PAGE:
The basic Huracan is a formidable “entry level” (over 200,000 US$) supercar. Its 5.2 litre V10, with electronically controlled VVT, romps out 571 HP at 6000 RPM and 398 LB-FT of torque at 6500 RPM.
Connected to a 7-speed dual clutch transmission, the car is capable of a 2.5 second 0-60 MPH sprint. Double wishbone front and rear suspensions with coil springs keep the P245/35YR19 (front) and P305/35YR19 (rear) tires glued to the road. Braking is courtesy of brake rotors measuring 14.4 inches (front) and 14 inches (rear).
The Huracan Performante is a thoroughly reworked version of the basic Huracan. To run the Nordschleife in 6:52:01, 5 seconds ahead of the former champion of production-cars, the Porsche 918 Spyder, many systems had to be modified.
Reportedly, the car is lighter by 40 kilos, partially due to replacement of some metal parts with forged carbon fibre. Notably, the rear wing is a hollow, forged carbon fibre element that incorporates an active air management system, creating “active air braking downforce”, particularly useful on a course such as the Nürburgring. Changes to the engine (such as stratified charge), all-wheel drive, and the use of Pirelli Trofeo R tires have been blended together to make this 188 MPH (300 KM/H) top speed supercar something to contend with.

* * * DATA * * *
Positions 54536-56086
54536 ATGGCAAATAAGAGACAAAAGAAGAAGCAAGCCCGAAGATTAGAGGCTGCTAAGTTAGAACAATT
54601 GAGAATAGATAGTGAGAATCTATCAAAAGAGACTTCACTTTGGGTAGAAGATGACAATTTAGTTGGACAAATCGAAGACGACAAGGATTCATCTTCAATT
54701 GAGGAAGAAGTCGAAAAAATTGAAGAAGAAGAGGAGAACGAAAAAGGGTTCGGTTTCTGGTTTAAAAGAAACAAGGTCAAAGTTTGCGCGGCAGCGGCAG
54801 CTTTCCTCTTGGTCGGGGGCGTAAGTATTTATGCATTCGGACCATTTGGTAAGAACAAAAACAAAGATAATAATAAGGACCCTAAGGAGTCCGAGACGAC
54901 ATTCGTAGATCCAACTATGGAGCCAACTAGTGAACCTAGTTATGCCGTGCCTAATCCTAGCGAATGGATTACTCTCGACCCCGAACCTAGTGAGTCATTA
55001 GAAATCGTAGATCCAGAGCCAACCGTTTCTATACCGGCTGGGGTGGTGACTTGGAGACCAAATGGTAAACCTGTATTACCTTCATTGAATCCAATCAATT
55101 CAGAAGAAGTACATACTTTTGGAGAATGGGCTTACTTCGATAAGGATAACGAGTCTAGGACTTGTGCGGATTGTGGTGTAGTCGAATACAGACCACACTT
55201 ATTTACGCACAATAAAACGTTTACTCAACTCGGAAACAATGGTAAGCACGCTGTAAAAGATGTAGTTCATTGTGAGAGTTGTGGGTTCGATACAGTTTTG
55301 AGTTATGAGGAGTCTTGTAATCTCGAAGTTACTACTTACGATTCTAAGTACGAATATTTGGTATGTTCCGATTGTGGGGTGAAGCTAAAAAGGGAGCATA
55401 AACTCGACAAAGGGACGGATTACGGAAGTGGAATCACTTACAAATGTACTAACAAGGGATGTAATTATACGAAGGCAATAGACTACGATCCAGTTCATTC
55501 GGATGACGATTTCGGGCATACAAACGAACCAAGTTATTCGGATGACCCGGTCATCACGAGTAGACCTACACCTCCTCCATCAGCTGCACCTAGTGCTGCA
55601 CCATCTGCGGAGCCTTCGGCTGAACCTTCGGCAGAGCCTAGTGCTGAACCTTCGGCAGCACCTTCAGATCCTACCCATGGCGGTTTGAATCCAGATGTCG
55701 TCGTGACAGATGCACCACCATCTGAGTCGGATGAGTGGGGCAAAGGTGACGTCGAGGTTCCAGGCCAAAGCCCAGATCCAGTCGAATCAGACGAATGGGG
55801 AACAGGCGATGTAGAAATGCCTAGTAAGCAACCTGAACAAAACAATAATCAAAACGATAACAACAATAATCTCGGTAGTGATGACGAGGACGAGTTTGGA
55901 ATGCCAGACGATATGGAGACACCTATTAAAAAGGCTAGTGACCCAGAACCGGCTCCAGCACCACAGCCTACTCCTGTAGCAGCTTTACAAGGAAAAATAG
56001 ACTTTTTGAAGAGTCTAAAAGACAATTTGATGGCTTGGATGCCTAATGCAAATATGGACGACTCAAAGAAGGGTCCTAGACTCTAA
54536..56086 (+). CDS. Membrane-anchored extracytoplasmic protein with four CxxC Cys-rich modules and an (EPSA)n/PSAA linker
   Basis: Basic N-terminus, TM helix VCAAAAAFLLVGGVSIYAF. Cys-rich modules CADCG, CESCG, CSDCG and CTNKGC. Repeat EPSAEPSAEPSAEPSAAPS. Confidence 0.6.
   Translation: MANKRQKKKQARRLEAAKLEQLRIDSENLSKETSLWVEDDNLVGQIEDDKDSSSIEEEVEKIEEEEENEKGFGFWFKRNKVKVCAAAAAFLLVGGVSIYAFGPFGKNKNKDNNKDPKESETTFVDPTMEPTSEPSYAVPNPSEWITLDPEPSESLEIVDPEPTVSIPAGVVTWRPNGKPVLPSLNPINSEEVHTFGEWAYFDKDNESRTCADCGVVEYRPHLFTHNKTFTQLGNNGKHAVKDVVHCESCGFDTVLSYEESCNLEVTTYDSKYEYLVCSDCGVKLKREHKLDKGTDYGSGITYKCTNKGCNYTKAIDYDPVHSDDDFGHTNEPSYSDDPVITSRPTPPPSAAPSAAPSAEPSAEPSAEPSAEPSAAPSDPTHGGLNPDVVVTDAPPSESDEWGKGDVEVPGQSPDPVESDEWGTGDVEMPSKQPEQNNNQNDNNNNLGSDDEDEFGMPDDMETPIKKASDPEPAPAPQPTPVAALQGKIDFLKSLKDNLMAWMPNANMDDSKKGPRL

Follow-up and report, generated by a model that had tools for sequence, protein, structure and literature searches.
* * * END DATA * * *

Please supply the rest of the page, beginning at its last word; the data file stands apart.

The big question now is whether Lamborghini will upgrade the larger Aventador to challenge the Radical SR8 LM which, at 6:48, lays claim to being the fastest “production car” around the ‘Ring. Whether the Radical is accepted as being a production car or not, a future performance Aventador may close the time-gap beyond that of the Huracan Performante.